Drew ran a finger down his own cheek. He’d noticed. “No. Family trait. We don’t have much hair, except for Jenna. She’s the one who has to shave every day.”
Duncan stared at the vet.
“He’s kidding,” she said. “His so-called sense of humor is an acquired taste.”
Drew sipped his tea. “Jenna told me you’ve transformed this place. Who’d have thought you could have round-ups and learn rodeo skills in Scotland. It’s very City Slickers.”
“That’s where I got the idea from. I saw a gap in the market, bought in some more cattle, built a few cabins and people came. Now we get visitors from all over the world. We have over a hundred head of cattle—a mixture of Aberdeen Angus, Belted Galloways and Highland Cows. Every foreign visitor wants to see the coos. We also have horses trained to take all levels of ability, even disabled visitors, so whole families can visit. There are sheep and goats, as well as the dogs and cats and a couple of donkeys we rescued. We’re thinking of getting more alpacas, or maybe some llamas.”
“You have alpacas?”
“Yep, and wild deer roam the hills. It’s a bit of a menagerie. The other dogs help with the round-ups and are out with Lachlan and Lenny. Oscar and Grouch will be mooching around somewhere chasing mice, or more likely asleep in the sun. Luckily, we have Jenna to look after them all now Jock has semi-retired and just deals with the pets.”
Drew licked the cake crumbs from his lips. “And Jenna told me you didn’t talk much.”
A blush of red swept up Duncan’s face. “She’s right. I don’t.”
“I’ll consider myself honored then. I hope you’ll show me around.”
“Jock’s decided he’s going to fully retire.” Jenna interrupted their mutual gaze and both turned to look at her.
“We need to advertise for a new vet, or I’m never going to get a honeymoon. Talking of which, I’d better get going and check Megs over. You’re still okay for dinner later, aren’t you, Duncan?”
“Sure, I’ll be there. I believe they’ve live music tonight. I’ll take you up to your room, Drew, then leave you to it. I’m taking the Mullers out for a short trek this afternoon. You could join in if you want.”
Drew glanced at Jenna. “It’s been a while since I rode a horse. Maybe another time, though. I’ll be at Jenna’s tomorrow with my assistant, Joy. You’ll meet her tonight. Wedding and bridesmaid dresses don’t design and make themselves.”
“No, I suppose not.” Duncan stood up and collected the mugs.
Jenna handed over her plate on her way out. “I’ll get off to the stables and check on Megs. I’ll let one of the lads know if there’s anything to worry about, and leave you to it. Say hi to Carrie for me.”
“I’ll see you later, Jen. It’s been a while since I had a night out.” Duncan waited as Jenna left the room via the French doors.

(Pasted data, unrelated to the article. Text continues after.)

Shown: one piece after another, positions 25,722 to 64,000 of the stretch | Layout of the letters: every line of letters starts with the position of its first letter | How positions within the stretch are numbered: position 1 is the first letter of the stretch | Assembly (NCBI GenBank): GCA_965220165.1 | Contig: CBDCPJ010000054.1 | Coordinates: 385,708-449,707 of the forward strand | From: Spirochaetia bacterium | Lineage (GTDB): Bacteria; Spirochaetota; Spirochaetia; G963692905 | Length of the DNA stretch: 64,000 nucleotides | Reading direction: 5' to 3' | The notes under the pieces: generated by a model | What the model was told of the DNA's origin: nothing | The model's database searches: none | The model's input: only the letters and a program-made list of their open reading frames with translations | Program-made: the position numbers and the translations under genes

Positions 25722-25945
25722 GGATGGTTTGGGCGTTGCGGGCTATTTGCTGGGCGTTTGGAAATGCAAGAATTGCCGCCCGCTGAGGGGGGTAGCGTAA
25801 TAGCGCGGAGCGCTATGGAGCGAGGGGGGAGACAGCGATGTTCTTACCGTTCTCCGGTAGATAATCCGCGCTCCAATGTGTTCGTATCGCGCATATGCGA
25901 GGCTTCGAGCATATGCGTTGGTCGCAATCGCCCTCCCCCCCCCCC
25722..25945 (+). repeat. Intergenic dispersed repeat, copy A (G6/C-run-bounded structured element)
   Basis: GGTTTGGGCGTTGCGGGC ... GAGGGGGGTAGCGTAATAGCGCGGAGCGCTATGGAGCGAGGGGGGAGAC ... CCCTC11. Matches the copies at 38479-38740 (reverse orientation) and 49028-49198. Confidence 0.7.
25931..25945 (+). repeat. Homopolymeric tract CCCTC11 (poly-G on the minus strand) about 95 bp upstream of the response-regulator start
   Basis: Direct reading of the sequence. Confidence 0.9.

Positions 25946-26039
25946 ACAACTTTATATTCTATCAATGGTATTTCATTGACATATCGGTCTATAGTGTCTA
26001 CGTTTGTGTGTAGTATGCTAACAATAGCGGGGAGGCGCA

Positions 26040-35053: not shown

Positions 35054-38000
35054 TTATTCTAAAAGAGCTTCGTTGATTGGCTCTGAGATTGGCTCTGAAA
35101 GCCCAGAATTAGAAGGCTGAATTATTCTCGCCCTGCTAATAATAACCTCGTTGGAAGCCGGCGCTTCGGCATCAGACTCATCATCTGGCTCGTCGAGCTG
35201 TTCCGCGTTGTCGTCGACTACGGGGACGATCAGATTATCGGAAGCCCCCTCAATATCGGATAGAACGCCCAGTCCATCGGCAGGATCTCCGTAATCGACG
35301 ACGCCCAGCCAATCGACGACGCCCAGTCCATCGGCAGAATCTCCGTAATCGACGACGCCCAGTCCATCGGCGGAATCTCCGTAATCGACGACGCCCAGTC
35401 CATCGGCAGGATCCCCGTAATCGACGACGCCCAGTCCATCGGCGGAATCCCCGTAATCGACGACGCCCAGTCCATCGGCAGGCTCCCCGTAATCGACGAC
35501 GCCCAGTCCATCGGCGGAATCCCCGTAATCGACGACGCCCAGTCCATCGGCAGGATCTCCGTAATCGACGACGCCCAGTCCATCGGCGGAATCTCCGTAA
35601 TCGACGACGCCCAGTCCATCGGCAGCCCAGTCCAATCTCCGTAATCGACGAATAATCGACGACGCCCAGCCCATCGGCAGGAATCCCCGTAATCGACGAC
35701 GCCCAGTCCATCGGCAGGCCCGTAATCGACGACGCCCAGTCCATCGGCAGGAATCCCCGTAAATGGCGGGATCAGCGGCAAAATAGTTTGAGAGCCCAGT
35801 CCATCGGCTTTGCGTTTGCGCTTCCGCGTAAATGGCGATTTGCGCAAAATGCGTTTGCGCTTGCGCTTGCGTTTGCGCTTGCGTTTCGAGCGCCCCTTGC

“You’d better follow me then.”
Drew once more enjoyed the view as Duncan led him upstairs and along the landing. He opened a door to reveal a bright room with pale blue walls and polished wood flooring. In the center stood an old-fashioned metal-frame bed, covered with blue cotton bedding. Duncan placed Drew’s case next to a chest of drawers.
“There’s a wardrobe for anything you need to hang up,” Duncan said, opening the door, “and you’ve a great view down the glen. My room is opposite and the bathroom is next door. We’ll be sharing, if that’s all right. Carrie sometimes stays in the annex at the back of the house if the weather is bad, but she lives in the village the rest of the time with her husband, our local policeman.”
Drew bounced on the bed, which creaked under him. “It must get lonely here all by yourself.”
A patch of red expanded across Duncan’s throat once more and spread up his neck. “I’m used to it, and I’m not completely alone. Lachlan and Lenny have rooms over the stables and there are the guests.”
“Lachlan and Lenny work here?”
“They’re Carrie’s sons. They take care of the horses and help with the visitors all year round. We have other people to help during high season—often students from agricultural colleges looking for experience. So, I’m seldom by myself and I like quiet. I couldn’t live in a big city like you do with all those people and the noise and dirt. Here I can ride out and breath clean air.”
“Bit difficult to order pizza, though,” Drew said.
“I make them myself. I have an oven outside next to the barbecue. Carrie does some cooking when I’m busy, but I mostly manage on my own. Lachie and Lenny sometimes drag me into the village to eat. There’s a great inn where we’re having dinner tonight. It serves good food and they have music sometimes as well as karaoke and quizzes.” Duncan smiled and Drew’s cock stirred, or at least tried to, given its lack of room to grow.
“Everyone has to join in.”
“Is that so?” Drew said, grinning. “Maybe I’ll give you my special rendition of I Am What I Am. What’s your specialty? I’m guessing Rhinestone Cowboy. Do you have chaps and everything? I bet you look good in them.” Well, Jenna wasn’t there to tell him off.
Duncan shifted from foot to foot and dug his hands into his pockets. “I’ll leave you to it. There’s hot water if you want a bath. I’d better get over and see if Jenna’s had a look at the mare I mentioned. Lots to do.” Duncan turned and hurried out of the room.
Damn, I’ve scared him now. Drew couldn’t imagine why there weren’t women fighting over this man. But then maybe Duncan was a bachelor through lack of opportunity. It had to be difficult to find single women who were prepared to live out here. Being single at forty didn’t imply anything, but Drew certainly liked what he’d seen.
It had been a while since he’d split up with his last boyfriend, and he wasn’t getting any younger, either. He could have fun shocking the locals, if nothing else. He stood and picked up his case, pulled the zipper and began to unpack. He grinned at the leather kilt he’d designed himself, which he’d team with a black shirt. He did love to make an entrance.